A man who paid $2.9 million last March for an NFT of Twitter co-founder Jack Dorsey's first tweet is set to lose almost everything on the digital investment.
Crypto entrepreneur Sina Estavi made headlines last year after snapping up Dorsey's tweet, which reads: "just setting up my twttr."
The Iranian-born Estavi expected to make more than 15x on the investment, listing it on popular NFT marketplace OpenSea last week for $48 million. He vowed to send 50% of the proceeds to charity.
I decided to sell this NFT ( the world's first ever tweet ) and donate 50% of the proceeds ( $25 million or more ) to the charity @GiveDirectly— Estavi (@sinaEstavi) April 6, 2022
🖇 https://t.co/cnv5rtAEBQ pic.twitter.com/yiaZjJt1p0
Unfortunately for Estavi, the top bid as of this writing is just $30,739 - a loss on paper of roughly 99% what he paid.
NFTs exist on the blockchain alongside cryptocurrencies, and serve to authenticate digital assets.
"My offer to sell was high and not everyone could afford it," Estavi told Reuters, adding that he's not sure he'll sell it anymore. "It’s important to me who wants to buy it, I will not sell this NFT to anyone because I do not think everyone deserves this NFT," he said.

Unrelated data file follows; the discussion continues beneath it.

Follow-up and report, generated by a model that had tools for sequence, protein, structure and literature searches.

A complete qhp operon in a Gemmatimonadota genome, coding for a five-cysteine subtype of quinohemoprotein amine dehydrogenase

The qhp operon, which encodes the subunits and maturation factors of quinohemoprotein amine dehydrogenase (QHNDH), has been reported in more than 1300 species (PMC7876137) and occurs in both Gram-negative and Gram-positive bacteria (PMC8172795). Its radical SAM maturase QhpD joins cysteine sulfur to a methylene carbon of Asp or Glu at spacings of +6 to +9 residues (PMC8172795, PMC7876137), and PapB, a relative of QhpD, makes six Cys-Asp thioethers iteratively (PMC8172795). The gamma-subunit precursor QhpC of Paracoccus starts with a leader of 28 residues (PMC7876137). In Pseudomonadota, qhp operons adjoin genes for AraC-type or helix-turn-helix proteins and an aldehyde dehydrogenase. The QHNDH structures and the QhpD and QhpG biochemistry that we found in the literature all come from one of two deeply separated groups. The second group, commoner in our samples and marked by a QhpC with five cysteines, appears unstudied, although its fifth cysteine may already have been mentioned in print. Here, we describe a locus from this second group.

Prices for NFTs have cratered in recent months after last year's digital 'tulip mania' saw incredible activity in the space - with monthly sales of NFTs totaling almost $5 billion last August, according to the WSJ, citing NFT data aggregator CryptoSlam. In March, sales dropped to $2.4 billion.
At the market's peak, over 200,000 NFT sales were taking place each day, dropping to 10,000 - 30,000 daily trades most recently.
"I don’t think it’s surprising that we’re seeing a little cooling off like we’re seeing in other markets as well," said Jonathan Victor, NFT and gaming lead at Protocol Labs in a statement to the Journal, adding that some of the NFTs which have sold for millions of dollars are akin to high-end art.
"There isn’t a clear formula to say ‘this is how much this should cost," he said.
When it comes to Dorsey's first tweet, "You have a price that’s set by one person who thought this was a fair value." Sometimes, others just don't agree.